Hippocampal cell count

Histological analysis performed by Nissl staining. One-way ANOVA analysis showed significant difference between groups (df = (7,16), f = 46.8, p < 0.001, n = 3 in each group). As shown in Fig. 5, results of Nissl staining displayed that the numbers of damaged neurons in the hippocampal CA1 region were increased dramatically in the PLC group compared with the control group (48.4 ± 4.1 vs 7.1 ± 0.32, p < 0.001). Loss of hippocampal neurons was attenuated after treatment by clove oil via both IP and IN delivery routes in the PLC + clove oil groups (23.53 ± 2.3 & 27.56 ± 1.24 respectively vs 48.4 ± 4.1, P < 0.001), and also after treatment by phenobarbital (31.17 ± 1.11 vs 48.4 ± 4.1; p < 0.001) compared with the PLC group. Quantitative analysis revealed that clove oil administration through both IP and IN routes could reduce CA1 neuronal loss as much as phenobarbital. However, in these PLC + treatment groups, the number of CA1 dark cells was still significantly higher than the control group (23.53 ± 2.3 & 27.56 ± 1.24 vs 7.1 ± 0.32, P < 0.001). No significant difference was observed between PLC + IP and PLC + IN groups (Fig. 5).

Fig. 5
figure 5

Results of Nissl‐stained cell number in the hippocampal CA1 region. Photomicrographs of the hippocampus CA1 region cells in 400 × magnification (A) and a bar graph showing quantitative results of damaged neurons (dark cells) in the CA1 region (B). Values are presented as means ± SEM. *** P < 0.001 (vs. Control) and ### P < 0.001 (vs PLC)

Duration and frequency of SRS

After two weeks of treatment, rats were monitored, and the average frequency and duration of SRS was investigated following 14 days of drug administration. The results showed that intranasal administration of clove oil markedly reduces the frequency and duration of the recurrent seizures (Fig. 6). One-way ANOVA analysis indicated a significant difference between groups (df = (6,42), f = 15.94, p < 0.001, n = 7 in each group).

Fig. 6
figure 6

Results of video monitoring of groups regarding changes in duration (A) and frequency (B) of spontaneous recurrent seizures. Values are presented as means ± SEM. ## p < 0.01 (vs. PLC), ### p < 0.001 (vs. PLC), + p < 0.05 (vs. PLC + clove oil (IP) group)

Discussion

In this study, we evaluated the effects of clove oil administration on histological and behavioral improvement in the PLC-induced SE rat model, and also compared the efficacy of intranasal (IN) and intraperitoneal (IP) administration routes.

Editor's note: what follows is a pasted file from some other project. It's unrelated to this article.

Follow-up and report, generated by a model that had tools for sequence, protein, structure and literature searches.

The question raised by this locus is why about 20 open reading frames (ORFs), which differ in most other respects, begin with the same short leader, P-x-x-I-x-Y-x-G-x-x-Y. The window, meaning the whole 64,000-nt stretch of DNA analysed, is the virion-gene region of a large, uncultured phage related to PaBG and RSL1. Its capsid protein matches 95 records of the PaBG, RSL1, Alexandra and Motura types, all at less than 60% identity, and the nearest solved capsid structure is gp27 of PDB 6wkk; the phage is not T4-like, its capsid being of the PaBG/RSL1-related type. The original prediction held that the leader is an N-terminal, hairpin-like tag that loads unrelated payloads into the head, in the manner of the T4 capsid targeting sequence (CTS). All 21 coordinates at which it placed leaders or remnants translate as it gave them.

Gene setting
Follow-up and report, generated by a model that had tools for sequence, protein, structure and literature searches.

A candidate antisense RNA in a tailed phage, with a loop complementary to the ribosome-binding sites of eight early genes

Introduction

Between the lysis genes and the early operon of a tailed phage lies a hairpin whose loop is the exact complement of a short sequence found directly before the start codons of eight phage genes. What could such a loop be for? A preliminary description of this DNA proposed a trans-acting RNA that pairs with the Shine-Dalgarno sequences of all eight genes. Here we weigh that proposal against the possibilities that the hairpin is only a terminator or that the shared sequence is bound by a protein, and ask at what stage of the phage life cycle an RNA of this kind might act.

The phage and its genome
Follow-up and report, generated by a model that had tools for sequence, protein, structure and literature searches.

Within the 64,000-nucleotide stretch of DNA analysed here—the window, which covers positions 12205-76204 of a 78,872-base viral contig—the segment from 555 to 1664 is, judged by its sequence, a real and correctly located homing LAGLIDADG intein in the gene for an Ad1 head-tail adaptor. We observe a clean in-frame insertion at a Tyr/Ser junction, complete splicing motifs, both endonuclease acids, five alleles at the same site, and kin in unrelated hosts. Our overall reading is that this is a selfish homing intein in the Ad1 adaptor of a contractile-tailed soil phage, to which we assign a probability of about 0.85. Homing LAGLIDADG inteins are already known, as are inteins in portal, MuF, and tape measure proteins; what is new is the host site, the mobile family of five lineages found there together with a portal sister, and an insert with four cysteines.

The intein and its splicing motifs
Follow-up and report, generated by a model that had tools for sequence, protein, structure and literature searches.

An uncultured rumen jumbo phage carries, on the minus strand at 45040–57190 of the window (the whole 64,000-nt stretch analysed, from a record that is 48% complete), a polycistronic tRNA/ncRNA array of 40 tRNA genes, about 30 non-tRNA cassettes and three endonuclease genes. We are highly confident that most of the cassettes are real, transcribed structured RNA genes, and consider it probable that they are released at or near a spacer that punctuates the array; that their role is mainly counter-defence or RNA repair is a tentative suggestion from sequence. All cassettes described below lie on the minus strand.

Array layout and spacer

One of the most common models of temporal lobe epilepsy (TLE) in rodents is the PLC model. Systemic administration of this cholinergic muscarinic agonist leads to evocation of SE in rats and mice, with manifestations of spontaneous recurrent seizures, and hippocampal destruction that is similar to hippocampal sclerosis in TLE patients [43, 44].

Our finding showed that PLC treatment leads to spontaneous seizure followed by hippocampal neuronal loss and adverse behavior symptoms including impairment in locomotor/exploring activity and spatial memory, as well as hyperexcitability, and anxiety-like behavior, all in accordance with previous studies [45]. A perturbation in glutamatergic (excitatory)/ gamma-Aminobutyric acid (GABA)-ergic (inhibitory) balance has been implicated in the pathophysiology of epilepsy [46]. Evidence supports the role of glutamate receptors in initiating and increasing seizure activity [47]. PLC-induced seizures are mediated by continuous increase in extracellular hippocampal glutamate levels after PLC perfusion [48]. Moreover, a significant deficit of GABAergic function was shown in the PLC model of SRS [49].

After two weeks of treatment, the most effective reduction in both average frequency and duration of SRS was observed in the IN clove oil group. Previous studies have shown anticonvulsant properties for Eugenia caryophyllata [50, 51]. Clove oil prevents maximal electroshock (MES)-induced tonic seizures, and nearly doubles the threshold of clonic pentylenetetrazole (PTZ)-induced seizures [52]. It has also been demonstrated that both aqueous and ethanol extracts of clove increase latency to the first minimal clonic seizure and generalized tonic–clonic seizure in mice treated with PTZ [53]. Clove essential oil is comprised of several bioactive components such as eugenol, β-caryophyllene, eugenyl acetate, α-humulene and carvacrol [54]. The main compound of clove oil, eugenol, is reported to modulate brain functions by regulating Na+ and Ca2+ voltage-gated channels and releasing neuroransmitters [55]. A reversible, dose-dependent inhibition of GABA-induce currents has also been demonstrated for this compound [56]. Eugenol affects the firing of neuronal action potential and modulates neuronal hyperexcitability in PLC-induced temporal lobe seizures [57]. Other studies have demonstrated antiepileptic activity of this compound in PTZ-treated mice [58, 59]. It should be noted, however, that at higher doses, this compound has been shown to reversibly increase the frequency of action potentials, and thereby induce epileptiform activity [60].